What is Forest-Bathing (Shinrin-Yoku)?

When I first heard about “Forest Bathing,” I had a mental image of a claw-footed tub situated among moss covered stones and babbling brooks. Was it part of some sort of elegant outdoor spa?

Forest bathing?

Definitely not!

Forest bathing, or Shinrin-Yoku, began in Japan in the 1980s when the government chose to acknowledge its population’s stress epidemic. What could be done? How could they provide the entire country with a solution to work-related anxiety?

The Japanese government commissioned its scientists to dig deep (pun intended) into studies relating to the health benefits of spending time in nature. After all, Japan boasts a lot of incredible – and incredibly varied – parks and outdoor spaces. 

What scientists discovered, and what is consistently confirmed by subsequent studies, is that time in nature is actually very beneficial to the human physiology, and the human psyche. Inside and out, spending up to 2 hours of uninterrupted time in direct contact with nature can lower blood pressure, calm anxiety, encourage deeper sleep at night, and help balance many of the body’s natural rhythms.

Shinrin-Yoku can be translated “taking in the atmosphere of the forest” or “bathing in the atmosphere of the forest” – hence, the term Forest bathing!

I had the opportunity to participate in a Forest Bathing experience, led by a certified guide, while Sam and I vacationed near Burlington, Vermont, last week (US training for sanctioned Forest Bathing guide certification began in the early 2010’s). The guide, Duncan Murdoch, led us on an incredibly revitalizing session across Shelburne Farms.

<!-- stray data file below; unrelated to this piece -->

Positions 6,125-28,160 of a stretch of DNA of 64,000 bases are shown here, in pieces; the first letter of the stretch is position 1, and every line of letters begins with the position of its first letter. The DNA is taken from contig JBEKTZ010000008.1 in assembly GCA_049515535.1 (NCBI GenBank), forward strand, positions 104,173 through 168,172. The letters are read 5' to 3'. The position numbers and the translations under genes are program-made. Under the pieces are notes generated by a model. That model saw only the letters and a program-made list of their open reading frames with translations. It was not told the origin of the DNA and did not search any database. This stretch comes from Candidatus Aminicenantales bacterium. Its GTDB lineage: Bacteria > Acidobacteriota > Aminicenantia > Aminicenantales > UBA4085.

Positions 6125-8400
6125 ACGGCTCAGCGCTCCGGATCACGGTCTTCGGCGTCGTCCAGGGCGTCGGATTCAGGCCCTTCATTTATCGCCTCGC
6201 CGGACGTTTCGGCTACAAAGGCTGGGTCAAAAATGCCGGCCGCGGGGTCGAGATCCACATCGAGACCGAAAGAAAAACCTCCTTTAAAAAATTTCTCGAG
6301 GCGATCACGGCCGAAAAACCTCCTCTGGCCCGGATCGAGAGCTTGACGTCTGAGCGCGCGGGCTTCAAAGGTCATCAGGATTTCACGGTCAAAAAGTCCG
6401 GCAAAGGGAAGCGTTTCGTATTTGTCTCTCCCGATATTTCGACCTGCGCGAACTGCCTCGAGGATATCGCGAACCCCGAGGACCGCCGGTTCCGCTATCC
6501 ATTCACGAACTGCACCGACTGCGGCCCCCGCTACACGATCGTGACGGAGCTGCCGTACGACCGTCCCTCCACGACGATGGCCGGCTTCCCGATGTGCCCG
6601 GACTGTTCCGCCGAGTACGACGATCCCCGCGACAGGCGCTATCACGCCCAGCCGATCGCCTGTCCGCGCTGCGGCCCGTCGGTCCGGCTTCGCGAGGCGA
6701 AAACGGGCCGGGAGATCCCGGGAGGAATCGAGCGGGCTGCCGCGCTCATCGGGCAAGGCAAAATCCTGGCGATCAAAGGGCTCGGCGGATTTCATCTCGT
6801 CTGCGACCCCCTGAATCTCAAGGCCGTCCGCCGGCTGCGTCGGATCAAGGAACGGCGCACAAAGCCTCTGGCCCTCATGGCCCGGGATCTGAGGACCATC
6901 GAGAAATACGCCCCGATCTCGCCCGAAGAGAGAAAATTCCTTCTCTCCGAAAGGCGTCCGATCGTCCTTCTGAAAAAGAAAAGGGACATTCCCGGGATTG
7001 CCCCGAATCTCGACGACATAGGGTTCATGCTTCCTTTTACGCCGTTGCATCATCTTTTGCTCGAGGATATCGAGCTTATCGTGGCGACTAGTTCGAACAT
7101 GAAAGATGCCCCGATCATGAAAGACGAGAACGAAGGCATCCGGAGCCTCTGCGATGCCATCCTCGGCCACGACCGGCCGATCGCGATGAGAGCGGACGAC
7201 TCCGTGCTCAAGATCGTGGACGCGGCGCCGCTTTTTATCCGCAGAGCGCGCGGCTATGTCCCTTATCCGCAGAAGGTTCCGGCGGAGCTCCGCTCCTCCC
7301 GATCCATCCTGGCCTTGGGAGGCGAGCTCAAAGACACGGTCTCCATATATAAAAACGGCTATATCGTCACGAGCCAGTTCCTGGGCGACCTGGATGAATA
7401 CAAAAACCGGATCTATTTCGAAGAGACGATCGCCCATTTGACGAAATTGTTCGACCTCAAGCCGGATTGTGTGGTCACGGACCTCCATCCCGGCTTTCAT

Two hours of various exercises (or “invitations”) giving us permission to directly encounter and interact with nature using all of our senses – exploring what we saw, what we heard, even what we could touch! I was much reminded of my own instinctive meditation training.

Everywhere I turned, I felt like I was reconnecting to the wonder and marvel that I experienced as a child playing in my own backyard. One of the culminating moments of the experience found me crawling through the grass on my hands and knees, all the way up a hill where we watched the sun set across Lake Champlain, over the Adirondack Mountains. It was heavenly.

Lake Champlain – August, 2021 (Not the site of our Forest Bathing – but still so inviting!)

When’s the last time you took time to pause in nature and look around you?

Have you noticed how many different colors you see?

Have you stopped to watch all the movement we often overlook – the busy birds and insects, the wind in each branch or blade of grass?

Have you listened to the sounds of nature, or to your own footsteps outside in the grass or even on the pavement? 

When’s the last time you put your ear to a tree and heard the creaking of its upper branches swaying in the wind?

A full two hours of uninterrupted time in nature is said to give you an entire month’s worth of benefits. Try getting outside and finding a “sit spot” (a place to sit and witness nature) the next time you’re able, and just bear witness!

Happy bathing!

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